2017 is expected to bring many changes, many of which will have a severe impact on businesses. According to a survey of 3,300 full-time employees from across the globe conducted by Dale Carnegie Training, most people plan to leave their current job within the next few years. Of the 515 Americans surveyed, 26 percent plan to look for a new job in 2017. Another 23 percent plan to stay in their current positions for the next five years at most, while 15 percent are already looking for new employment. This leaves only 36 percent who plan to stay in their current position for the long haul.
Interestingly, only 3 percent of U.S. survey-takers reported being very dissatisfied with their jobs. Most of them – 48 percent – were somewhat satisfied. This implies that doing the bare minimum to keep employees happy isn’t enough. The question then becomes: What can businesses do to retain talent in 2017?
Provide Ways to Advance Their Careers
Employees appreciate a company that provides training relevant to their positions and career goals. However, this kind of development must come with opportunities for people within your business to move up the ladder. Without the chance to raise their position, your top talent will look for a company with more opportunities.
Maria Kraimer, a business professor at the University of Iowa, told Business News Daily that while most research finds merely providing career development opportunities retains talent, her studies show these efforts are unsuccessful if employees don’t believe there’s a place for them to advance within the company. Managers can consult with employees during regular check ins to understand their career goals and point out areas for them to move up.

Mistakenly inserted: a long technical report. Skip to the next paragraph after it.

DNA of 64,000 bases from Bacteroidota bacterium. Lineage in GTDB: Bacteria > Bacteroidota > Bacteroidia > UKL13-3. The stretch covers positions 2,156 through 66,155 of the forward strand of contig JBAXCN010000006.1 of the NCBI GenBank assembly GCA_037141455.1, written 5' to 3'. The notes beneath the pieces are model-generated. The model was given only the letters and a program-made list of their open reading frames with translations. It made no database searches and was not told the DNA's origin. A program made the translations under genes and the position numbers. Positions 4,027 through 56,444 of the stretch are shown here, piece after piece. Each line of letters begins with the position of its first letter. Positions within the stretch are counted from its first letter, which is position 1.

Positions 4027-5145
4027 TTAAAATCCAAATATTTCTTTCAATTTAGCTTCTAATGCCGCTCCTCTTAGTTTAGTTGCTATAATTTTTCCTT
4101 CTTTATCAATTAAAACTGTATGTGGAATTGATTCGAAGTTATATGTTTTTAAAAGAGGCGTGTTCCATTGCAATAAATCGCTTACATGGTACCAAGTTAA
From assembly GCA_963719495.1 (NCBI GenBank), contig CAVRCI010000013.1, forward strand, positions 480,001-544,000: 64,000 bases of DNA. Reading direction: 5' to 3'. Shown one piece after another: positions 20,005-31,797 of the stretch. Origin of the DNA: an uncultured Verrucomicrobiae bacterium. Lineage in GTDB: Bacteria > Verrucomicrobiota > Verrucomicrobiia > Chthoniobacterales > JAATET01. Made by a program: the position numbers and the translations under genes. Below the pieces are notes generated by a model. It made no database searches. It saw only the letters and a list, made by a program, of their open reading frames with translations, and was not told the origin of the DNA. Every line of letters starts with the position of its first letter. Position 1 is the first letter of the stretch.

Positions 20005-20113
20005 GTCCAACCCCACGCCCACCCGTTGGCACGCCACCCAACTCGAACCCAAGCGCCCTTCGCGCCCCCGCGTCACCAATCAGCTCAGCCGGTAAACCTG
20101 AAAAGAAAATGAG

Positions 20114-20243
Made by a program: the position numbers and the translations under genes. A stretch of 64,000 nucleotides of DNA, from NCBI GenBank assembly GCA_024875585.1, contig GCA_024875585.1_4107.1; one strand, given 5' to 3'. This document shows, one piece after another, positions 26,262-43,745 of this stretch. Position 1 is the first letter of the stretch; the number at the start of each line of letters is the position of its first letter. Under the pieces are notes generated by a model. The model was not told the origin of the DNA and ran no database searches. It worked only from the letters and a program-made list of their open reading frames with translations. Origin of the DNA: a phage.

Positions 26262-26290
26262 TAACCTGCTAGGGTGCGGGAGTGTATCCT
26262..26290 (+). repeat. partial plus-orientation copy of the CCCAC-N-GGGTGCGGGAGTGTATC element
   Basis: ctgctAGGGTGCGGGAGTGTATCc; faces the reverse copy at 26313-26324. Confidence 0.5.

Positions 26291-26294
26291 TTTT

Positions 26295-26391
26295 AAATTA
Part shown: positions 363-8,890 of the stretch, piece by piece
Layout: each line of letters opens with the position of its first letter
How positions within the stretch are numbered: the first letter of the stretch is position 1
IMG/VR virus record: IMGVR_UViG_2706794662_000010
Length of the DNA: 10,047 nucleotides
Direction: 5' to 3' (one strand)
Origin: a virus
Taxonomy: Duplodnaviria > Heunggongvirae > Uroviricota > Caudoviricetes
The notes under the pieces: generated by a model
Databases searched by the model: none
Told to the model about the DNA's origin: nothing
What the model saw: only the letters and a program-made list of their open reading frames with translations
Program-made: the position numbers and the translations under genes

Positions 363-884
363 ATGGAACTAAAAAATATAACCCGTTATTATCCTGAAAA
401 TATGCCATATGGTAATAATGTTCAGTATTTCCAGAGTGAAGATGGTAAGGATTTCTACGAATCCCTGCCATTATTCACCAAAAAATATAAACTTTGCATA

“Through career-planning discussions, employees have opportunities to both formulate their career goals and share those goals with their supervisors,” Kraimer told Business News Daily. “As part of training and development, make sure employees are aware of the different types of career paths or job opportunities throughout the company.”
Make Them Feel Like an Asset, Not a Tool
Employees like to know they are beneficial to a company, not treated as a means to an end. Select International, an employment screening solution, suggested managers ask for input about new policies and encourage employees to set their own goals. Software that paves the way for your staff to create OKRs – objectives and key results – helps in the latter regard. This ensures your employees’ goals are measurable, time-bound and applicable to their jobs. Software also allows employees to see how their goals align with that of the company, giving them a top-down view of the benefits their work provides.
Create a Culture of Transparency
Employees gain a sense of security when they know what’s going on within their company. As Forbes noted, transparency helps your staff feel more united with the business as a whole and understand the thought process behind certain decisions. It also encourages them to collaborate and share resources, creating a feeling of trust that expands across all levels of your organization.
Goal-setting software helps by furthering this atmosphere of transparency, showing employees the goals of their peers and their business leaders. Knowing the company goals gives your staff the assurance that what they’re doing is valued work and helps them understand changes in business strategy.
With only a handful of employees planning to stay with their current employers, businesses must do all they can to retain talent and avoid having to constantly train groups of new hires.